By Helen Owton
* This article words content that some might find offensive
Homophobia in sport is a hot topic in the media with high profile sports stars, such as Gareth Thomas and Casey Stone speaking openly about their experiences of ‘coming out’ and the implications of the 2018 World Cup being hosted in (anti-gay) Russia. In many sports, it as an arena for promoting heterosexual masculinitywhich can result in the reproduction of homophobia in sport for both women and men. Despite this, 2014 proved a better year for lesbian, gay, bisexual and trans (LGBT) sportspeople in the US with 109 athletes, coaches, officials and administrators ‘coming out’ (Outsports, 2015). In the UK, the picture is slightly quieter, particularly for gay men in sport. Stonewall estimate around 5-7% of the UK population are gay which one would assume would be reflected in sport but active players at a highly competitive level are reluctant to ‘come out’, especially in team sports (such as rugby, football, basketball, cricket). This is hardly surprising when homophobia is still so prevalent in sport.
The recent Out on the Field survey found that 60% of 10 gay men and 50% of lesbians have been subjected to homophobia in sport and there appear to be attempts being made to address this issue now (e.g. http://www.birminghammail.co.uk/sport/football/football-news/west-midlands-police-looking-identify-9293042). Not only are athletes at risk, 85% believed that openly gay spectators would not be safe in the stands at a sporting event in the UK (Out on the Fields survey, 2015) which is hardly surprising in light of the homophobic taunts made by West Brom fans in the West Midlands.
The field is not easy for women either. In 1981, at the peak of her tennis career, Martina Navratilova paved the way for gay female athletes by coming out and has continued her fight for equal rights. Despite Navratilova’s bold move over 30 years ago there are few actively ‘out’ lesbians in the UK. Indeed, Casey Stone (England and Arsenal footballer) thought that ‘coming out’ last year would end her career and it may be fear such as this which prevents others from doing so.
When an individual feels unaccepted and alienated from society, this is when problems can occur. For example, gay athletes may hide their identity and feelings when they play sport and some men may act out extra aggressive behavior so that they will not be seen as gay. As Nigel Owen (Welsh rugby union referee) said, “Once I came out and rugby had accepted me, my performances got better and better. I wouldn’t be able to referee as well as I can now if I was still worried about people finding out about who I am.”
It seems that the negative use of the word ‘gay’ is one of the most hurtful ways of reinforcing homophobia. Marcus Urban (East German International Footballer who retired from football early to live openly as a gay man) told CNN that ‘constantly hearing “gay” used as a curse word like “shit” made me think, “Of course, I’m shit.” This type of bullying often starts in childhood suggesting that this is where we need to re-educate society. For example, Stonewall (2013) report that nine in ten secondary and two in five primary school teachers say young people, regardless of their sexual orientation, experience homophobic bullying, name-calling or harassment. Homophobic bulling impacts on pupil’s school attendance, attainment and future prospects (Stonewall, 2013) which also has an impact on their participation in school sports.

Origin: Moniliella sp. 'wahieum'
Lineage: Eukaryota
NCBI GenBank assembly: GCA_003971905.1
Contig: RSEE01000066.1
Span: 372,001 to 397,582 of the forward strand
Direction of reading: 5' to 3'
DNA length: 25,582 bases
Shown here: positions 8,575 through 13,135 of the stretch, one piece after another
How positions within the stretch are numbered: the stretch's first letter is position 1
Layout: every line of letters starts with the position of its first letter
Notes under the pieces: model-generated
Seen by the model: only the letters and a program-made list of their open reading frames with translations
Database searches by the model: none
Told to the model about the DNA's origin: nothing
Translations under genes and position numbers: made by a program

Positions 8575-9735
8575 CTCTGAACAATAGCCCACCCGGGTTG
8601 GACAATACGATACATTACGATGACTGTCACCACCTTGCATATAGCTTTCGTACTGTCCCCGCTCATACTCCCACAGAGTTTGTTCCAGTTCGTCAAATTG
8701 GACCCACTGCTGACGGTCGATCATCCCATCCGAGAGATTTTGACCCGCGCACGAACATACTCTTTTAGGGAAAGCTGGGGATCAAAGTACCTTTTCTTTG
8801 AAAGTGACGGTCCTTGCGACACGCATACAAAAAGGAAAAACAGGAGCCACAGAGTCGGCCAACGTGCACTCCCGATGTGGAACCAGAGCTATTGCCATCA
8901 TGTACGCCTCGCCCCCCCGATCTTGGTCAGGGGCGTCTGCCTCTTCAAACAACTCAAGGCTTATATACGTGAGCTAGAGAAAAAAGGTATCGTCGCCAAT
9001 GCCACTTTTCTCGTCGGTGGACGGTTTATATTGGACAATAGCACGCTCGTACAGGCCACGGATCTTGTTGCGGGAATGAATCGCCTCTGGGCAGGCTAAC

Changes in policy can have positive effects, for example, gay marriage may bring more stability and happiness to gay couples and encourage a change in perceptions to acceptance in society. The most recent policy change was in Ireland who became the first country to legalise gay marriage by public vote last week (22/05/15). The gay vote in Ireland received two-thirds in favour of gay marriage which is reassuring, but the very fact that we had to have a referendum at all is shocking. Credit goes to various sports stars, such as Valerie Mulcahy (Cork footballer), Donal Óg Cusack (Irish hurler and Chairman of the Gaelic Players Association), Nikki Symmons (Irish hockey player) and Shane Horgan (former Irish rugby player) who have gone public on their sexuality to inspire and help others.
So where does this leave us moving forward with various sporting events coming up in 2015 and 2016 (e.g. FIFA Women’s World Cup and Rio Olympics). Sport is still the final closet for active LGBT sportspeople in society which is why it is so important for other sportspeople (e.g. James Haskell) to unite and actively tackle homophobia in sport. Whilst it is also important for athletes to come out, it should not be their sole responsibility either; ‘It’s the people in the stadium who can make the difference.’ (Nigel Owens)
Some additional thoughts on the complex tensions, assumptions and risks of ‘coming out’ in sport for lesbians: http://www.pinknews.co.uk/2015/05/15/italian-football-chief-calls-women-players-a-handful-of-lesbians/